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Hurricane Season May Entitle Feds to Advance Pay, Enable Agencies to Skip Hiring Procedures

OPM puts out guidance to help employees and agencies deal with extreme weather.

The Obama administration is reminding agencies they have an array of flexibilities to address emergency workforce needs during hurricane season.

The Office of Personnel Management urged agencies to “make advance preparations” for various measures they may need to undertake to assist employees affected by extreme weather or to fill gaps in their workforces. OPM noted flexibilities ranging from pay and benefit adjustments to telework options to emergency hiring authorities.

Employees affected by hurricanes may be entitled to advanced pay, evacuation stipends, excused absences and other benefits as laid out in a 2008 memorandum. If the president declares an emergency, federal employees can donate their vacation days to colleagues adversely affected by the storms. Agencies must have up-to-date policies for leave donation, however, and OPM encouraged them to ensure those guidelines were firmly established. Employees with telework agreements can also telework on their non-regularly scheduled days throughout emergency situations, OPM said, adding the details of those circumstances should be spelled out in each agreement.

Agencies can make 30-day appointments to fill “a critical hiring need” in an excepted service position, regardless of the grade. OPM reminded agencies of the current positions authorized for direct hiring -- meaning applicants can be on-boarded without going through the normal vetting and preference processes -- such as medical officers, information technology managers and acquisition personnel. Officials can also contact OPM to ask for direct-hire authority for agency-specific positions in support of relief and recovery efforts.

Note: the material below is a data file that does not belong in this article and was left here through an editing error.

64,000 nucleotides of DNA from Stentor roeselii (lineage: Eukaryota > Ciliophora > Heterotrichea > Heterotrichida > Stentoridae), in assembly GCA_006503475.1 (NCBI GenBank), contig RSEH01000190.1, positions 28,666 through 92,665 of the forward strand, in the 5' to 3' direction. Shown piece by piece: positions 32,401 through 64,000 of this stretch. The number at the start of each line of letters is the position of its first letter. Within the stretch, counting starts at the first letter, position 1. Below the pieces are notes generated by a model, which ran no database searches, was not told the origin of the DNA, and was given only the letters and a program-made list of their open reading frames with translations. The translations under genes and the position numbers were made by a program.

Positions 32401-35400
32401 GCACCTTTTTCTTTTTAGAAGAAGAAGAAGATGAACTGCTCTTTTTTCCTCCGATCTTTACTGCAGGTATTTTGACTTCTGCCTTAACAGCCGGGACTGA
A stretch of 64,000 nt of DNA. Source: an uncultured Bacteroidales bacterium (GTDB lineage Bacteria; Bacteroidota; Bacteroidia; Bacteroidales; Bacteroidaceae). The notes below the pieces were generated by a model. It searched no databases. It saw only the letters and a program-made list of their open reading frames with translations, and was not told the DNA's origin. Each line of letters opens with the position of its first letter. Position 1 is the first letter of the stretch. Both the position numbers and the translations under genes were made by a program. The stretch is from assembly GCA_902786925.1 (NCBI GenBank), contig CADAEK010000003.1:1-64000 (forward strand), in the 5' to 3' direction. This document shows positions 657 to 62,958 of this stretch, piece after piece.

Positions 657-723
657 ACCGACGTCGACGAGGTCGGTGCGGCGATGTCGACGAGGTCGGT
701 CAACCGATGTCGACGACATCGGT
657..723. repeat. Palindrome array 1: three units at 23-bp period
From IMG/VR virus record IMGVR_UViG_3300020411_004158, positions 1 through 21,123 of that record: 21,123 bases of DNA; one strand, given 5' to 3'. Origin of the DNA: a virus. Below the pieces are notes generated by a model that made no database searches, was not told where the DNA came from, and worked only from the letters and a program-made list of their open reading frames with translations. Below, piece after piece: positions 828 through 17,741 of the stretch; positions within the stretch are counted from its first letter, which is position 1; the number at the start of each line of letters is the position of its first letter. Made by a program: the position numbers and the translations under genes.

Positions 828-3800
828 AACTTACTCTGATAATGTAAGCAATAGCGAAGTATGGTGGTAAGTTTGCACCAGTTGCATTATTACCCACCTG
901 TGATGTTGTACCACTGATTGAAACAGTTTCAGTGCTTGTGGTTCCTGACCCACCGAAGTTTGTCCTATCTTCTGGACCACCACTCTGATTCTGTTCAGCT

Direct hires can be placed in regular, full-time; conditional; term; or temporary positions.

To further address potential workforce gaps created during hurricane season, agencies can bring back retirees for one year or less. The redeployed workers would not be subject to the normal salary deduction to offset their annuities. Employees who had taken a buyout, however, may have to repay it. OPM may give agencies permission to keep retirees on staff for more than a year in certain circumstances.

Agencies can make temporary appointments of less than 120 days, which OPM said may help identify “well-qualified displaced federal employees who are available for immediate employment.” They can bump employees temporarily into Senior Executive Service positions and contract with private sector temp firms for up to eight months.

The National Oceanic and Atmospheric Administration recently announced there is a 45 percent chance of a “near-normal” hurricane season -- which lasts from June 1 through Nov. 30 -- and a 30 percent chance of an “above-normal” season.

OPM recently put out guidance encouraging employees to telework and take advantage of other flexibilities during extreme heat.